Friday 10 October 2008

This week – David Gurteen, 3eep and talking Web 2.0 with accountants

Aside from seeing my new Intranet 2.0 article in print, this week has been interesting for a couple of reasons.

I’ve spent most of today with David Gurteen, who started the day by presenting and then running one of his famous Knowledge Cafe sessions for the NSW KM Forum. I had the chance, along with a couple of others from the KM Forum, to talk more informally with him over lunch and then we finished the day with a one-on-one chat I managed to arrange between David and someone with a particular interest in the Knowledge Cafe process. I’ve used the cafe approach a few times myself and like it – but its always interesting to listen to someone like David who has using the technique all around the world. Its also a good reminder of how KM can work without technology and how an apparently simply KM process can have a powerful effect.

In between David, I also had the chance to chat with Nick Gonios about 3eep (pronounced “threep”) and their latest development, SportsPassion. Considering I normally spend my time talking to companies and organisations about knowledge and information issues inside the firewall, it was interesting to hear about a company that is focused on supporting the social networking needs of another fundamental human endeavour – sport! What impressed me about Nick was that he clearly has a good appreciation of both the technology and social aspects of what he is trying to achieve. Anyway, if you’re in a sports team of any kind, check it out.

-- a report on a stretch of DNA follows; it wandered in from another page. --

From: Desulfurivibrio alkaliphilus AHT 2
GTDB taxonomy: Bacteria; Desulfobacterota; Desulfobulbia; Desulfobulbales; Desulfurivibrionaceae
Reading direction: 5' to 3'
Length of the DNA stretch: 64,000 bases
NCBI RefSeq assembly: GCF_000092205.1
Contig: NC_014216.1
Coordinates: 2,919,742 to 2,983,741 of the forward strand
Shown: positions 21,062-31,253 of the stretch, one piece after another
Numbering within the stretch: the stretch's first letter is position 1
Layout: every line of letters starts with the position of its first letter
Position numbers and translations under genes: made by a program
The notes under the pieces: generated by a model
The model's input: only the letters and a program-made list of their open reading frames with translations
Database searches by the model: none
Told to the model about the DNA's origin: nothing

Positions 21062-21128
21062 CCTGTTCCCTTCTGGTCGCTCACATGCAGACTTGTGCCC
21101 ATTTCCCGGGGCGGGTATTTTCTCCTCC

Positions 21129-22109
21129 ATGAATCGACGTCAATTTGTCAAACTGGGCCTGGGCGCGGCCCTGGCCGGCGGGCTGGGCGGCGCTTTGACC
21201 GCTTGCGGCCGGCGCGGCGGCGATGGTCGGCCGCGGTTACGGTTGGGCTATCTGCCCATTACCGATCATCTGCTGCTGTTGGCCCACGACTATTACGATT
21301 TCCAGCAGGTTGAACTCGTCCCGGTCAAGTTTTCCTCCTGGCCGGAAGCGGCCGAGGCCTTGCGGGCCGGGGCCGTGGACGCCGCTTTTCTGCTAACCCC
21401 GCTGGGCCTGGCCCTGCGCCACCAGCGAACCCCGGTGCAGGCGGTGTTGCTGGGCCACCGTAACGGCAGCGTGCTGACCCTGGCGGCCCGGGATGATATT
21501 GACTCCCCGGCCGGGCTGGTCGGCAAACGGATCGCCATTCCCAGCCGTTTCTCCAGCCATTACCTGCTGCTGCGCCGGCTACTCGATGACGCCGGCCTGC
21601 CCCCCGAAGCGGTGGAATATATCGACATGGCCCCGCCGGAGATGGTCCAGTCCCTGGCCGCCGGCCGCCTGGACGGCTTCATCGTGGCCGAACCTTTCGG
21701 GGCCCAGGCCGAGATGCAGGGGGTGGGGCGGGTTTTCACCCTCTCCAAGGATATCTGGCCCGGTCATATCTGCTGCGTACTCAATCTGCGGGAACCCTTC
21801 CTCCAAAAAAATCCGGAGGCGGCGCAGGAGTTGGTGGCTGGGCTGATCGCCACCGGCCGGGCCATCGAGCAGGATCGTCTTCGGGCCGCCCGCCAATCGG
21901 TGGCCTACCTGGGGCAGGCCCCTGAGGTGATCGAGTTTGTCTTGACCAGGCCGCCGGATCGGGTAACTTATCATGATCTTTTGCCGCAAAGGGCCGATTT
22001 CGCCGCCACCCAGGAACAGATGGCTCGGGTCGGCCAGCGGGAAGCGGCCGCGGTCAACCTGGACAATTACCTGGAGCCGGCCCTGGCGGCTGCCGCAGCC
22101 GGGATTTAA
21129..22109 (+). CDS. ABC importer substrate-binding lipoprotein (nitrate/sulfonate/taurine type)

Finally, back on Wednesday night I had the chance to present to a National Institute of Accountants professional development group in Burwood about Web 2.0. I had a very warm welcome and they were interested to learn, engage and even challenge some of the trends. However, bearing in mind the age of my audience, it was also a good reminder for me that many aspects of Web 2.0 still aren’t common knowledge across the whole of the community. For example, most people have heard of Facebook but have limited exposure to anything else. Also, one of the key concerns was people saying they don’t have time to engage with social media…. and I think there is a point that you shouldn’t be adding to your information workload with social computing, but replacing and improving existing work practices. However, I think that maybe the old 9X challenge is also at work here?

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